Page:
- TOWN HALL
- Public Works
- Water Resources Management
- Water Conservation
Water is the element that sustains life on earth. All living things on earth need water to stay alive. Clean sources of water are a valuable commodity and we are grateful to have a good source of water to supply our needs. However, we should consider how we use the water we have. Are we careful to use water only when needed or do we let the water run down the sink drain for no good reason?
The area in which we live is a dry desert. We receive less than 10 inches of precipitation annually. A lawn and landscape requires a lot of maintenance and the most important part of that care is properly watering the lawn. The first few warm days of summer does not automatically mean that it is time to water lawns. In fact, allowing lawns to start to undergo mild drought stress actually increases rooting. Watch for foot printing, or footprints remaining on the lawn after walking across it (instead of leaf blades bouncing back up). Grasses also tend to turn darker in color as they go under drought stress. Proper watering of lawns and landscapes can improve the quality of your lawns and in the process save you money by conserving water use.
Remember that conservation of water begins with you. If you have other water conservation ideas not on the list, please contact our office. We would be glad to include them in our list.
- Check your sprinkler system frequently and adjust sprinklers so only your lawn is watered and not the house, sidewalk, or street.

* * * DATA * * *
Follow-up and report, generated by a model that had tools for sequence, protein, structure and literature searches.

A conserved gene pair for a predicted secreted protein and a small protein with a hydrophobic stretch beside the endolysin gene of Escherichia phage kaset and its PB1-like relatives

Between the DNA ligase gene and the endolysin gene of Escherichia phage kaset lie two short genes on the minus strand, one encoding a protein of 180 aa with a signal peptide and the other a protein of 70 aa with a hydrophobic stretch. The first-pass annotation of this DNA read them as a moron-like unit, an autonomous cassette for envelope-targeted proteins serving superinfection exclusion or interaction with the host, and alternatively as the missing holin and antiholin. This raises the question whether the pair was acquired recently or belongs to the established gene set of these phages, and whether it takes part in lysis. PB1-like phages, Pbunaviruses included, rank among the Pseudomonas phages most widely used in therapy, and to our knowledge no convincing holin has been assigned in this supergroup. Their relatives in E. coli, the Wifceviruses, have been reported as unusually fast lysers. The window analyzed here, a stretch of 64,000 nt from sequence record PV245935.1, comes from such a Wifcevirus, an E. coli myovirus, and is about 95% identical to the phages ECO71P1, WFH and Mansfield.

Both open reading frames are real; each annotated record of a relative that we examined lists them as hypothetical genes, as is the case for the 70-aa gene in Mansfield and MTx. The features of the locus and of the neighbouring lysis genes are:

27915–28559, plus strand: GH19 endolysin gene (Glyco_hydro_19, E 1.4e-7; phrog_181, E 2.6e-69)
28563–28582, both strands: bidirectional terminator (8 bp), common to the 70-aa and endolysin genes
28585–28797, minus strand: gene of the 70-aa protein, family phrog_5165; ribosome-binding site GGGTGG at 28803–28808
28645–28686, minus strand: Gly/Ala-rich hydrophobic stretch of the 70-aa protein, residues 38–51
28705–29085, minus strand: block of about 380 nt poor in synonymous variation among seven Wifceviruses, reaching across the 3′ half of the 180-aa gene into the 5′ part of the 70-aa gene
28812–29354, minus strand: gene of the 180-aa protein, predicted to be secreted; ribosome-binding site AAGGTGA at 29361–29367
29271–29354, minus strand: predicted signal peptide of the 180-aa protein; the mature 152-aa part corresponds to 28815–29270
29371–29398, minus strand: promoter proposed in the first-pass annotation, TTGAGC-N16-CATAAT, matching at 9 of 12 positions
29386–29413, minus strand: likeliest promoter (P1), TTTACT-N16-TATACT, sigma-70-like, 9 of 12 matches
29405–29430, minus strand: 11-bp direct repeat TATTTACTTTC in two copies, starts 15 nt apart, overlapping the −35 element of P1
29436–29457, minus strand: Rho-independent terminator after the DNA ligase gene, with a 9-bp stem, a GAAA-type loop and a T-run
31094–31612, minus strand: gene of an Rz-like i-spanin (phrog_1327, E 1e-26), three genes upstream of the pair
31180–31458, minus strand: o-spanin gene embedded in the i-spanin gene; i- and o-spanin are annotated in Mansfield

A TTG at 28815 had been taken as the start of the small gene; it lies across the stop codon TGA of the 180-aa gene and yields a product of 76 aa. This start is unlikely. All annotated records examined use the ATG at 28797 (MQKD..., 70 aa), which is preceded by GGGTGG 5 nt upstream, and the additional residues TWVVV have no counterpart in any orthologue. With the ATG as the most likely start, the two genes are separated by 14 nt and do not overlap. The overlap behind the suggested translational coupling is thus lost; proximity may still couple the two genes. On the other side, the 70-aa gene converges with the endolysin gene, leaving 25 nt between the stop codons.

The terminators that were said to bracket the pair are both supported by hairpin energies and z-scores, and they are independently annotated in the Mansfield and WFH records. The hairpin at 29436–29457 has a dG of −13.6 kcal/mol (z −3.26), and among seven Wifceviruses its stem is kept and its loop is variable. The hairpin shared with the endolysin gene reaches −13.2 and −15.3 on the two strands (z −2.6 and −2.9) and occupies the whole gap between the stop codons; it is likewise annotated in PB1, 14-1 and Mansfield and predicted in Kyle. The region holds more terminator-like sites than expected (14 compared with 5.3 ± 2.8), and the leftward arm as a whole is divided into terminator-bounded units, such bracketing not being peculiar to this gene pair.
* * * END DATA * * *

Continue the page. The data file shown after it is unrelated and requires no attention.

- Set a kitchen timer when watering your lawn or garden with a hose.
- Use sprinklers that throw big drops of water close to the ground. Smaller drops of water and mist often evaporate before they hit the ground.
- Teach your family how to shut off your automatic watering systems. Turn sprinklers off if the system is malfunctioning or when a storm is approaching.
- Avoid planting turf in areas that are hard to water, such as steep inclines and isolated strips along sidewalks and driveways.
- Use the sprinkler for larger areas of grass. Water small patches by hand to avoid waste.
- Plant during the spring or fall when the watering requirements are lower.
- While fertilizers promote plant growth, they also increase water consumption. Apply the minimum amount of fertilizer needed.
- Minimize evaporation by watering during the early morning hours, when temperatures are cooler and winds are lighter.
- Don't water your lawn on windy days. After all, sidewalks and driveways don't need water.
- Install a rain shut-off device on your automatic sprinklers to eliminate unnecessary watering.
- Use a screwdriver as a soil probe to test soil moisture. If it goes in easily, don't water. Proper lawn watering can save thousands of gallons of water annually.
- Use a broom instead of a hose to clean your driveway or sidewalk and save 80 gallons of water every time.
- Divide your watering cycle into shorter periods to reduce runoff and allow for better absorption every time you water.
- Place an empty tuna can on your lawn to catch and measure the water output of your sprinklers. For lawn watering advice, contact your local conservation office.
- Buy a rain gauge to track how much rain or irrigation your yard receives. Your lawn only needs one to one and a half inches (1"-1 ½") of water per week.
- Water your lawn once every three days.
- Only water your lawn when needed. You can tell this by simply walking across your lawn. If you leave footprints, it's time to water.